You say that like it's a bad thing. Draghi wanted precisely that rod as a tool of policy influence. 

No, don't believe him

Of course, market tripwires only work as a tool of policy influence if markets believe the statements intended to set them. Cavallo would have gained no leverage over the IMF if the announcement of an impending expansion of support had not slowed bank runs. "Whatever it takes" would not have helped the passage of OMT without its calming effects on the markets.

So to disable the tripwire tactic, the German members of the ECB leadership Reuters' anonymous insiders set out to tell markets that Draghi is not to believed.  
"We specifically agreed at the meeting... not to put any numbers on the table," [said] one central banker. "Draghi's reference to the balance sheet of 2012 irritated a lot of colleagues. So he has had to backtrack a bit ... to compensate."
In other words, just because Draghi promises something, it's not necessarily going to happen. It is precisely Draghi's ECB opponents need to make this point, I believe, that explains why these complaints were made in public rather than in private. In July 2012, Draghi said:
Within our mandate, the ECB is ready to do whatever it takes to preserve the euro. And believe me, it will be enough.
What his ECB colleagues are saying is: no, don't believe him. Wait to hear from us.

In particular, as becomes clear in the final paragraphs of the Reuters piece, don't believe Draghi if he hints that QE is coming. You can believe in QE if and when it is announced as an official policy. The insiders claim that without a consensus for QE in the ECB--and it's currently opposed by "at least seven and possibly as many as 10 of the 24 council members"--it can't happen because it's too politically divisive. (On this matter, one can only hope that the ECB majority will listen to Paul de Grauwe. A long as the ECB has unaccountable power, it should be used for good and not only for evil.) 

Kneecapping Draghi's credibility will make it harder for him to use his public announcements as a tool of unilateral policy-making, but it has costs, too. If the anonymous insiders succeed in turning Draghi into "the boy who cried QE," he will be unable to reassure the markets at moments when they need it most. For them that may be a feature rather than a bug of their strategy, but the rest of us should fear the dismantling of whatever capacity there is to contain the dangerous fickleness intrinsic to financial markets, and the destruction of whatever limited hope there is that deflation can be avoided without reversing austerity.

Wednesday, 22 October 2014

Governing by panic

Readers of this blog may be interested in my new paper, "Governing by Panic: The Politics of the Eurozone Crisis."  Here is the abstract:

The Eurozone’s reaction to the economic crisis beginning in late 2008 involved both efforts to mitigate the arbitrarily destructive effects of markets and vigorous pursuit of policies aimed at austerity and deflation. To explain this paradoxical outcome, this paper builds on Karl Polanyi’s account of how politics reached a similar deadlock in the 1930s. Polanyi argued that democratic impulses pushed for the protective response to malfunctioning markets. However, under the gold standard the prospect of currency panic afforded great political influence to bankers, who used it to push for austerity, deflationary policies, and the political marginalization of labor. Only with the achievement of this last would bankers and their political allies countenance surrendering the gold standard. The paper reconstructs Polanyi’s theory of “governing by panic” and uses it to explain the course of the Eurozone policy over three key episodes in the course of 2010-2012. The prospect of panic on sovereign debt markets served as a political weapon capable of limiting a protective response, wielded in this case by the European Central Bank (ECB). Committed to the neoliberal “Brussels-Frankfurt consensus,” the ECB used the threat of staying idle during panic episodes to push policies and institutional changes promoting austerity and deflation. Germany’s Ordoliberalism, and its weight in European affairs, contributed to the credibility of this threat. While in September 2012 the ECB did accept a lender-of-last-resort role for sovereign debt, it did so only after successfully promoting institutional changes that severely complicated any deviation from its preferred policies.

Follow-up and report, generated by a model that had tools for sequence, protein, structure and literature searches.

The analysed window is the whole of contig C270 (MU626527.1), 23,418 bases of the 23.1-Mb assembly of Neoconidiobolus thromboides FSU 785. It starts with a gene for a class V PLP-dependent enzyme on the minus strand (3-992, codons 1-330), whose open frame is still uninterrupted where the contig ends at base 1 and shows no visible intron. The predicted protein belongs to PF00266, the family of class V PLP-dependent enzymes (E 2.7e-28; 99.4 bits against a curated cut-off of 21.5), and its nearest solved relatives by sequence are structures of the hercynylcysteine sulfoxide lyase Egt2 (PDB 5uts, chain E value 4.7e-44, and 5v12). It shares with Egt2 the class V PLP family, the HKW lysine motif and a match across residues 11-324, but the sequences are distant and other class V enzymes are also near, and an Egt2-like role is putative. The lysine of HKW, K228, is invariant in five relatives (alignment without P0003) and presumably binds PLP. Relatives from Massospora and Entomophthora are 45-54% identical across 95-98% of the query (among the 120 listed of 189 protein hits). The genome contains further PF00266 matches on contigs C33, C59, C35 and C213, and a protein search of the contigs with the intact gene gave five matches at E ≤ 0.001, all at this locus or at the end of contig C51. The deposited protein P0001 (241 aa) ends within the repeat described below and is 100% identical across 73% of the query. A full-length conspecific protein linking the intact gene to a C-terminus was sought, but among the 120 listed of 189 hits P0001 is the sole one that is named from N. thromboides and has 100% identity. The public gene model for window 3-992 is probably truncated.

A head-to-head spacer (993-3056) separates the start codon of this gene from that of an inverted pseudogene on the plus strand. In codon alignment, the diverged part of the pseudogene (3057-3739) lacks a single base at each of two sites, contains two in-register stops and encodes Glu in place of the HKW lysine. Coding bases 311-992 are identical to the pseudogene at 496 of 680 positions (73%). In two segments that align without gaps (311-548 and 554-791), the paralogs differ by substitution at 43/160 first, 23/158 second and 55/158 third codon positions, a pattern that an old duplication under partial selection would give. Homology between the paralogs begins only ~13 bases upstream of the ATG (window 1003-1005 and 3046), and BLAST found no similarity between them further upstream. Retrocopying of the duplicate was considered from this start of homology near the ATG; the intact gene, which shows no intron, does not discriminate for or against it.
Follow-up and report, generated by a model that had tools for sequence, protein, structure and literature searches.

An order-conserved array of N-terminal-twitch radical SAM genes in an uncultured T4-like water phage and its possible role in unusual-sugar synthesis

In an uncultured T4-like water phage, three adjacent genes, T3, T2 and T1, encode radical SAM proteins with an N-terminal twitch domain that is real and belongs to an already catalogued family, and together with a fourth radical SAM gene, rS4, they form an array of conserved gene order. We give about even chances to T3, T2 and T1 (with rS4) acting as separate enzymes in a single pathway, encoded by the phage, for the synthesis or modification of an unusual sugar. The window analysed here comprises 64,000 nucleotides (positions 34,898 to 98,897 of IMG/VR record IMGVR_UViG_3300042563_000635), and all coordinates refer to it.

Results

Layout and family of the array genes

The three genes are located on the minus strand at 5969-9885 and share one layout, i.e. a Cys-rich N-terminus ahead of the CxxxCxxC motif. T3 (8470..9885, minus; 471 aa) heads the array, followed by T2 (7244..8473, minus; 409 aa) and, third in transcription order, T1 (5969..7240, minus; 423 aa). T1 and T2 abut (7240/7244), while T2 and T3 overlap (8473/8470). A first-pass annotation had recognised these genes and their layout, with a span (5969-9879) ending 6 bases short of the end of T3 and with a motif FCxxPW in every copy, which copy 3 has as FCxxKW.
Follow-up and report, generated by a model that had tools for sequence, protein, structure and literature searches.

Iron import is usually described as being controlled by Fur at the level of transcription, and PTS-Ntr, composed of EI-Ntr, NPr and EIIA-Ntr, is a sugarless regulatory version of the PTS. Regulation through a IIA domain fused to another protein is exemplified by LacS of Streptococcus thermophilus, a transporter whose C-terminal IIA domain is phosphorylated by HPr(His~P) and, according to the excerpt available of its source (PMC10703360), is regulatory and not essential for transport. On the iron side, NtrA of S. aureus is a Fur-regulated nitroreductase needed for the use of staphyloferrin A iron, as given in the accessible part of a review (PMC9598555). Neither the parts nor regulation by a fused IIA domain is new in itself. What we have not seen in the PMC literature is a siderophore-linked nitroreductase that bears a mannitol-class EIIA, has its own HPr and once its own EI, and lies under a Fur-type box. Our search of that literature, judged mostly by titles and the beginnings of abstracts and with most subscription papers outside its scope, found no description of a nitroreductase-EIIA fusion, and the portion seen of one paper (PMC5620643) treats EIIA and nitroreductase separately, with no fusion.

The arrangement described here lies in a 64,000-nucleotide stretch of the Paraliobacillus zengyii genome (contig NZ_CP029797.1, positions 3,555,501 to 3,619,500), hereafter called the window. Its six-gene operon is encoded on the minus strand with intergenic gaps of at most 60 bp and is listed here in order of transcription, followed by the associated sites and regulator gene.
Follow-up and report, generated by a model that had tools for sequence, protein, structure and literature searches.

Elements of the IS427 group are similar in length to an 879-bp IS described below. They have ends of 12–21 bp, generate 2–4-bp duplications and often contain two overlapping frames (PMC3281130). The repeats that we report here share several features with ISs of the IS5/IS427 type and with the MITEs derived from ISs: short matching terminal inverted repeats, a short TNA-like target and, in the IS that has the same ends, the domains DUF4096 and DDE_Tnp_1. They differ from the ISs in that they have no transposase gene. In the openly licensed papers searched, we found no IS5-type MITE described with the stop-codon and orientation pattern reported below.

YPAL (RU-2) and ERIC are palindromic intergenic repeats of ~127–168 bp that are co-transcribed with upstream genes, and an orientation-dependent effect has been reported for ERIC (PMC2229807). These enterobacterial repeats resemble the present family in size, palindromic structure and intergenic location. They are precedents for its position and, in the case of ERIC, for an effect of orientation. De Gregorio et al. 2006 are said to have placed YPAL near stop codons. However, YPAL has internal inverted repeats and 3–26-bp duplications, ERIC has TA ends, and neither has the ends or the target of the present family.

Monday, 20 October 2014

When is a social democrat not a social democrat?

When he's Sigmar Gabriel, head of Germany's SPD and Minister for the Economy.  Here's Mr Gabriel in an interview with the Bild newspaper, defending the so-called "black null," the plan for a balanced budget:
Bild: There's a discussion in the SPD about whether or not new [government] debts ought to be incurred.  Is budget discipline social-democratic?   
Gabriel: Yes. Workers [Arbeitnehmer] want their taxes to be spent on social security, schools, or policy and not on interest payments to big banks for government debt. Only big banks earn money from high government debts. Government borrowing is antisocial.
There's a major problem with this argument: as Ambrose Evans-Pritchard noted, last week German government bond interest rates were "touching levels never seen before in any major European country in recorded history." In fact, correcting for inflation, Germany can literally borrow money interest-free:  August's inflation rate was 0.8% per year, and its ten-year bonds as of today yield 0.85%.  

Anyone who cannot find a way for the state productively to invest interest-free loans cannot be characterised as a social democrat (there's certainly plenty of low-hanging fruit).  For that matter, anyone who deliberately misleads workers about the costs of borrowing doesn't deserve the title either.